026

It was, if I am entirely honest, not as memorable as our first visit.  Perhaps it was the table; this time in a busy area near the stairs as opposed to the dark green booth we had once nestled in to in the far corner.  Maybe it is much of the romanticism is lost once you have witnessed it in person already.  That is not to say it is still not one of the countries top tables; almost everything we ate punched with French classicism and Gaelic charm, personified by an almost entirely French waiting team, each oozing with the confidence only a top kitchen can install.  Nibbles of smoked duck and another of cheese and chive greet as us as we are sat, followed quickly by an amuse of deep fried burrata ravioli, all of which quickly disappear before a basket of bread is presented with a choice of butter.  Knowing what is next, we save the bread for the aforementioned Soufflé Suissesse, flavoured with cheese and cooked on double cream, which is every bit as naughty as it sounds.  The dish is filth in the best possible sense, imagined by a brain with zero regard for health care and the upmost respect for indulgence.  This version was as good as I remember and still makes my top three dishes of all time.

030

A fat cut of veal shoulder follows, braised gently so that the knife is redundant.  The cooking of the meat is exact, even if the ragout of beans is light on seasoning and the accompanying  green beans the extreme side of al dente.  Our charming waiter asks if everything is okay to which I tell him that the portion is too big, only covering half of the truth as this singular dish individually ruins my otherwise perfect memory of the restaurant.  A chariot of cheese quickly restores memories, each one impeccably sourced and kept, with the comte and stinking bishop notably good.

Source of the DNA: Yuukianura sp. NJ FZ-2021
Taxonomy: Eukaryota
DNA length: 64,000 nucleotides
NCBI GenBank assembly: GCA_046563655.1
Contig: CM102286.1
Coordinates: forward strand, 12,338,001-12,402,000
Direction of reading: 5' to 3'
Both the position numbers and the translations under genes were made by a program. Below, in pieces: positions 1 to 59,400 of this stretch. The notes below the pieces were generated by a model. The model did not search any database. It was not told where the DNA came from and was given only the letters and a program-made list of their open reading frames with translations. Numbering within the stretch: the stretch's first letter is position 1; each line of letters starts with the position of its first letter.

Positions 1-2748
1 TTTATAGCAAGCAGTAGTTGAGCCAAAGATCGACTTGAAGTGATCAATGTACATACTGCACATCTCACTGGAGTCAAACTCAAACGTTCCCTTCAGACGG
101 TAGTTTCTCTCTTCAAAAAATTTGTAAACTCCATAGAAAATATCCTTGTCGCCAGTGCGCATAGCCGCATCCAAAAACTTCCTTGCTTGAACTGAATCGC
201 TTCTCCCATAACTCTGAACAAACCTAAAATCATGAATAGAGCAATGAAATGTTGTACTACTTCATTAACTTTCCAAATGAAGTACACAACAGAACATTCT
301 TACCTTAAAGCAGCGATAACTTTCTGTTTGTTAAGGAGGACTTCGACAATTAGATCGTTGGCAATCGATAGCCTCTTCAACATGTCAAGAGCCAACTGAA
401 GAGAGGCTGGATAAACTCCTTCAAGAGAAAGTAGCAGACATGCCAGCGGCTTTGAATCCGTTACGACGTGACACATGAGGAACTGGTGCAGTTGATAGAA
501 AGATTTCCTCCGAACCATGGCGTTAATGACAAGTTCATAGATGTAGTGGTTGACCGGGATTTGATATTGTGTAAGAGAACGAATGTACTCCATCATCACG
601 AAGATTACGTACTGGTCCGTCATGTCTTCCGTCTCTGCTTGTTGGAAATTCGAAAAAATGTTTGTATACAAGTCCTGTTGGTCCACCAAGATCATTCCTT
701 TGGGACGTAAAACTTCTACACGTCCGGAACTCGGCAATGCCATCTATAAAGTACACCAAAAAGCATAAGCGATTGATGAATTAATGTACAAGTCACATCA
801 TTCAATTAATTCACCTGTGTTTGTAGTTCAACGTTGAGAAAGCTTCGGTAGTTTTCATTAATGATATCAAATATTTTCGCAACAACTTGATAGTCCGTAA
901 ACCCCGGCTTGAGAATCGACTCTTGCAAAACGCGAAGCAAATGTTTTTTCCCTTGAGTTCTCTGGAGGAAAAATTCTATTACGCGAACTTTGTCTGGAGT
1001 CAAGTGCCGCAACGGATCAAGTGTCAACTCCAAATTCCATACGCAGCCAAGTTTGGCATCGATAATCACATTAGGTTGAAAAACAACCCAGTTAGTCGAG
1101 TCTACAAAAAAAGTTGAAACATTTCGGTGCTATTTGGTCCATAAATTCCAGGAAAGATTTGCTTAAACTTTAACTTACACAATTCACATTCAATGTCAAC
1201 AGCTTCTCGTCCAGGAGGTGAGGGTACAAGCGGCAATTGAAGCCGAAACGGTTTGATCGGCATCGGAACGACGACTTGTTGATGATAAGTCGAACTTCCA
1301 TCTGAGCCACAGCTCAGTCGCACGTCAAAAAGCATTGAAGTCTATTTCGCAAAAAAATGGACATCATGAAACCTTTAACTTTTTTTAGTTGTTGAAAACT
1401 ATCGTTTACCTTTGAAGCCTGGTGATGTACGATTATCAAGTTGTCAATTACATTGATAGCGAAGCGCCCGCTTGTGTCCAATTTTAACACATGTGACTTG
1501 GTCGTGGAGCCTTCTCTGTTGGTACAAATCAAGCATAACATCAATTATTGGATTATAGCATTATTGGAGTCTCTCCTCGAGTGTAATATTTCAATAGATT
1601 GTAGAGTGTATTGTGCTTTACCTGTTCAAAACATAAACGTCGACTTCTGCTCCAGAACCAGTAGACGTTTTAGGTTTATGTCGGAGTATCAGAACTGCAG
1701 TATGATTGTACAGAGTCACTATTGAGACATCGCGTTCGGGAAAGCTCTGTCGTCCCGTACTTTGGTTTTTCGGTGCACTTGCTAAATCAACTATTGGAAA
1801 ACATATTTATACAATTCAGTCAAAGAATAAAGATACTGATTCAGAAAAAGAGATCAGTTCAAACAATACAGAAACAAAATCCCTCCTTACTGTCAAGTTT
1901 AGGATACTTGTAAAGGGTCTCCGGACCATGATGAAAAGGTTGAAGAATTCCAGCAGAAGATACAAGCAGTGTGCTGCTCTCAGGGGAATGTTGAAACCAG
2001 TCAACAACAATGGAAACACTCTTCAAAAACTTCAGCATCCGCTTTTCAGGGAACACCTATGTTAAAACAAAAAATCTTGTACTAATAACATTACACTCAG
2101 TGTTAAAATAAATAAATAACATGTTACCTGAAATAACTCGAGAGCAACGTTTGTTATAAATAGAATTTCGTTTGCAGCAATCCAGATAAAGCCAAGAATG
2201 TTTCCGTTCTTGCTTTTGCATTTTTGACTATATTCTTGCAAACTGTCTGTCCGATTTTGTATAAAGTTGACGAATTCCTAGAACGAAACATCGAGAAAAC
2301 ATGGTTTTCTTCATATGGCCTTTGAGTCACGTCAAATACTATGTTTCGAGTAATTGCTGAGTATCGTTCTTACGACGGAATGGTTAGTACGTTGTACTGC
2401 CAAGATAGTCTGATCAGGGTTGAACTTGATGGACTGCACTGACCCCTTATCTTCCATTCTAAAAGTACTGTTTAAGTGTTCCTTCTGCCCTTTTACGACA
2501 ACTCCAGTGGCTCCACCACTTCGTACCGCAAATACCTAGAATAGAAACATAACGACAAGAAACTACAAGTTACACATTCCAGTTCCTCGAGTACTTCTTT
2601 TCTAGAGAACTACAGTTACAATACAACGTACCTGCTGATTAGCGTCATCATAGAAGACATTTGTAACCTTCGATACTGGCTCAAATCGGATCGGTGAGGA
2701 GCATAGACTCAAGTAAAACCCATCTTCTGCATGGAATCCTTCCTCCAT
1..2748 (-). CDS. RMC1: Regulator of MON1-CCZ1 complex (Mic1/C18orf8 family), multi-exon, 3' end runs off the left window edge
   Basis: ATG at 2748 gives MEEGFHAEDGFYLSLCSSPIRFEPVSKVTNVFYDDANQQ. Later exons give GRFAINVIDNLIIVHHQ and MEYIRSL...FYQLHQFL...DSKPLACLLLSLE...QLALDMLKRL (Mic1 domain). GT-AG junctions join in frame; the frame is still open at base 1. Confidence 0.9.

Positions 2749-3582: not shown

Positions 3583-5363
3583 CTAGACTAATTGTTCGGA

042

028

Dessert number one is a nougatine parfait almost as smooth as the service here, with melon in varying forms, which is nice but hardly memorably.  Better was the birthday cake for two; a chocolate mousse with a rich ganache exterior, not dissimilar to the famous Louis XV dessert at the Alain Ducasse restaurant in Monaco of the same name.  Its rich and velvety, and it has my name written on the plate.  Honestly, could it get any better.  There are petit fours including candied kumquats and truffles which are as good as you would expect.

044

052

047

Being my birthday we gorge on the pink sparkling stuff, the white stuff, the red stuff, and the fortified red stuff, leaving a bill that I did not see (Thank You, Charlie), but was fairly considerable by any stretch.  Not that this matters of course as nobody goes to the effort of trying to get a reservation here, eventually donning the compulsory shirt and jacket, and comes here expecting it to be cheap.  What you pay for is an institution steeped in gastronomic history, where food sits around the two star level it is presently scored at, with service arguably a level above that.  Le Gavroche is an experience unlike anywhere else in London, which everyone should save up for and try once in their life.  Maybe not the perfection I recalled first time around, but still very very good indeed.  Go on, spoil yourself.

9/10

Le Gavroche Menu, Reviews, Photos, Location and Info - Zomato